Oyster Shell Paths


In working with a client on a recent project, I specified crushed oyster shells as the path material. It gives the paths the same look as Colonial Williamsburg, it reuses waste materials, and the light color of the shells reflect any available light at night, aiding in wayfinding. I thought it would be a great application for a rarely used product. As it turns out, there’s a reason they’re infrequently used: they are very hard to come by, and the price reflects that.

Apparently oyster shells are not just a trash product. As I discovered, the shellfishing industry takes the shells back out to sea and dumps them. Not to get rid of them in an “out of sight, out of mind” approach, but as a boost to the oyster population. As Joyce Deaton explains on the Cape Fear Pilot’s website:

Baby oysters start out as free-floating organisms, but soon settle to the bottom and attach themselves to hard surfaces. If they can’t find a hard substrate, they die. They’ll grow on pilings and concrete, but their preferred spot is on oyster shells. A mound of shells placed in brackish water with a good tidal flow will soon become an oyster reef, hosting not only the young oysters but algae, worms, barnacles, crabs, minnows and fish. Soon a diverse marine habitat results from the simple act of depositing the shells.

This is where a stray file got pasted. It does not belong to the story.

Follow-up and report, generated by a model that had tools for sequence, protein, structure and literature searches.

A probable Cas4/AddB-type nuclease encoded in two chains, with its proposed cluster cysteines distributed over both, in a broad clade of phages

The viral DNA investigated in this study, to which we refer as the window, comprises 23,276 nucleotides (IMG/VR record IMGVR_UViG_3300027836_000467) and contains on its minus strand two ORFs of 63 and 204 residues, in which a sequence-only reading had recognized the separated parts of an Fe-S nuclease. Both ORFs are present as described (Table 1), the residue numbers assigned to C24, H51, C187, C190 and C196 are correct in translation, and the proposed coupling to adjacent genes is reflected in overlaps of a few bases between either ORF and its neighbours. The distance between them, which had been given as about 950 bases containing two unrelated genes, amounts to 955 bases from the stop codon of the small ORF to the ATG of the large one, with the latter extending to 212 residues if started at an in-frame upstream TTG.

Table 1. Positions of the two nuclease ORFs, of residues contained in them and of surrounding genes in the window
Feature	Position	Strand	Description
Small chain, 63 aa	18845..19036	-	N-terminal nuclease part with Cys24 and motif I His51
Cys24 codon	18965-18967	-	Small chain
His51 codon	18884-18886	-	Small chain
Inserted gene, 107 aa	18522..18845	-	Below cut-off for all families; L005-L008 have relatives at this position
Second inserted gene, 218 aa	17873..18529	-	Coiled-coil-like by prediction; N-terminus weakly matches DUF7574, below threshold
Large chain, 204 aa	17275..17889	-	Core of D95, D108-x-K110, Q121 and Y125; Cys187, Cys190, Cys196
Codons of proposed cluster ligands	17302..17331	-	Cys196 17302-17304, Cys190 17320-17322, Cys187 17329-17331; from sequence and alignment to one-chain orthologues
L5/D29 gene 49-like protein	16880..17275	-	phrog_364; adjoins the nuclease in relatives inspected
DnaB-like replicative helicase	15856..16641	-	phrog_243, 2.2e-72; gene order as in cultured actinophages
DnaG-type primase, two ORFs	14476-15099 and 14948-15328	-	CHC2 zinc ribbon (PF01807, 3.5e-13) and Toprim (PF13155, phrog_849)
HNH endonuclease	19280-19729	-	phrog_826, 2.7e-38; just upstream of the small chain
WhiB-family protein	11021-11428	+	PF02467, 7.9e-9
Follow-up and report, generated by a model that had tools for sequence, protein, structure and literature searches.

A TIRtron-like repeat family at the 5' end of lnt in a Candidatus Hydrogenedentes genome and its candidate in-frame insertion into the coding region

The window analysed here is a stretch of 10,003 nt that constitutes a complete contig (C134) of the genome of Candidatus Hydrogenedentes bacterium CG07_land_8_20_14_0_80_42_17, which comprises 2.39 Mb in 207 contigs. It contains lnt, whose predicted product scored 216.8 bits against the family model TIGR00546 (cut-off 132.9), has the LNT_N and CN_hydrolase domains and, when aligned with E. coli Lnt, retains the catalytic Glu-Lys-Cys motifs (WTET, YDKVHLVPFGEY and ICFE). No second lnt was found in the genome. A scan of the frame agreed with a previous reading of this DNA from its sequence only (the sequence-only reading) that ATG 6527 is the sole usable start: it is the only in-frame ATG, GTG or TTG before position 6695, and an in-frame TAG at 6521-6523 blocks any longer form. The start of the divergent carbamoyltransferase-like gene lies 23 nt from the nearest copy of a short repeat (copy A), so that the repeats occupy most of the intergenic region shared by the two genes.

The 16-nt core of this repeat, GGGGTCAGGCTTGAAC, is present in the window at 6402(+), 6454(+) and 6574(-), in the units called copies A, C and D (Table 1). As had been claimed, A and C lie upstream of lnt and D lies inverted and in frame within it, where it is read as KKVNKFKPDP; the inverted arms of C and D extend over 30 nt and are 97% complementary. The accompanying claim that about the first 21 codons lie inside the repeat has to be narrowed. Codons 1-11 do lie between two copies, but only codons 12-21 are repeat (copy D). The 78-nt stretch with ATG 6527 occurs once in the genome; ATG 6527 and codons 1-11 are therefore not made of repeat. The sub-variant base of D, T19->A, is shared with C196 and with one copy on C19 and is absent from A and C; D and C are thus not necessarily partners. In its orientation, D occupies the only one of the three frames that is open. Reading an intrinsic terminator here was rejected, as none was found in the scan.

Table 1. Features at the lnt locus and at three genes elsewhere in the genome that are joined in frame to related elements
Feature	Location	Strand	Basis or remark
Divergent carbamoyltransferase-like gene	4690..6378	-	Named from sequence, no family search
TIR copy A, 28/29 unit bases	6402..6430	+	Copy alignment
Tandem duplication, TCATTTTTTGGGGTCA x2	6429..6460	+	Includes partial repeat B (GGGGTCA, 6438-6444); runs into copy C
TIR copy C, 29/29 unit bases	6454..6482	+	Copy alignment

In addition, the filter-feeding oysters make the water cleaner by feeding on plankton and waterborne detritus.

Several states have formal shell recycling programs, and in some cases volunteers bring dump trailers to festivals, oyster roasts, and restaurants to collect shells. In other areas, those who make their living from oysters regard it as a best practice, and bring the shells with them when they head out for the next catch. This is the kind of sustainability I can get behind! It’s given me a whole new appreciation of what I had previously assumed was ending up in landfills. It looks like I’ll be searching for a product that will give me a similar appearance, since the oyster shells seem to end up where they’re needed most.

Part of the reason I posted this is because I think this is a great reason not to be able to use a product I specified. The other reason is because I did some exhaustive searches on Google, trying to track down oyster shells for landscape use. Instead, I got several links for shell recycling programs, and several more of people wanting oyster shell paths but unable to find a source. So if you’re a fellow traveller who came here looking for a source- the best price I found was out of South Carolina, at just under $1,000 per cubic yard plus freight!

Your Patio- Stone, Pavers, Concrete, or….?

When designing a patio, there are times that only one type of material will do. Either the architecture of the home is so dominating that it dictates the patio, or maybe the client already knew what he or she wanted. Other times it’s not so clear-cut, and we have to weigh several different factors to decide on the “right” course of action. It’s just reality that we have to balance looks, longevity and budget. So what are our choices?